Last December, a survey by the Institute of Policy Studies found that the social class divide among Singaporeans is more apparent than it seems. Among other findings, the survey showed that private housing dwellers tend to mix with people living in the same housing type, instead of those in public flats.

In a written parliamentary reply in February, Mr Lee stressed that the Government "must not and will not let up on maintaining social mobility, because it will get harder to narrow and bridge class divisions as our society matures".

"The issues of mitigating income inequality, ensuring social mobility and enhancing social integration are critical. If we fail – if widening income inequalities result in a rigid and stratified social system, with each class ignoring the others or pursuing its interests at the expense of others – our politics will turn vicious, our society will fracture and our nation will wither," said Mr Lee, adding that there is already a concerted and coordinated effort among Government Ministries to tackle the issues together in various fora.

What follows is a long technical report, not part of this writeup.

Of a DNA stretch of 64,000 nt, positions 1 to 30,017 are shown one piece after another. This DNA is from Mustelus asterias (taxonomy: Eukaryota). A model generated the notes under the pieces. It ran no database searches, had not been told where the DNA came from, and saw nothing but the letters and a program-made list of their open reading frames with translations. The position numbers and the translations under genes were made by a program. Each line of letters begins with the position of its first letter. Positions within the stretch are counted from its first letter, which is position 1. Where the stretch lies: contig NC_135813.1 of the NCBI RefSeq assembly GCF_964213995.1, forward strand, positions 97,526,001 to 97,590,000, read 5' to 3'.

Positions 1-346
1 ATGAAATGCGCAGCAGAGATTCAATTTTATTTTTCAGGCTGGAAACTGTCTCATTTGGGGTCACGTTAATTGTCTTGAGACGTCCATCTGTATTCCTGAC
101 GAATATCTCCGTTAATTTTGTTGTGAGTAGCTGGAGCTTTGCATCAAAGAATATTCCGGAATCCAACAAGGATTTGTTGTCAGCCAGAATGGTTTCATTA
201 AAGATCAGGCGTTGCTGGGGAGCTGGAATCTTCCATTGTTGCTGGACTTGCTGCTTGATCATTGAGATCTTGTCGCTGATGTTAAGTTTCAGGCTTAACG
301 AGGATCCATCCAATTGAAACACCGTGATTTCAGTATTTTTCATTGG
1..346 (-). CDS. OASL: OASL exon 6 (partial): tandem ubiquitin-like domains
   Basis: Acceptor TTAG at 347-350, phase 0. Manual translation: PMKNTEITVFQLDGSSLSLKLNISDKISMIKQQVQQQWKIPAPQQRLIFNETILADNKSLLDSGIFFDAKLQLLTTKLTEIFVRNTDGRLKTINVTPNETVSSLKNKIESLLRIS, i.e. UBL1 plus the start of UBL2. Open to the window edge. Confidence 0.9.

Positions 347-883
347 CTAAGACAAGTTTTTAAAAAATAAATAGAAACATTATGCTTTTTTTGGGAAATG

Last month, Mr Shanmugam warned of the dire consequences of widening inequality — if left unchecked, Singapore runs the risk of having groups of elites creating a favourable environment for themselves at the expense of others, he said. The Government will act to level the playing field from pre-school to tackle inequality, he added.

On Tuesday, Mr Ong reiterated that it is getting tougher for the Republic's rising middle class to do better, low-income families are also finding it harder to uplift themselves, while the higher-income segments are becoming "socially distant" from the rest.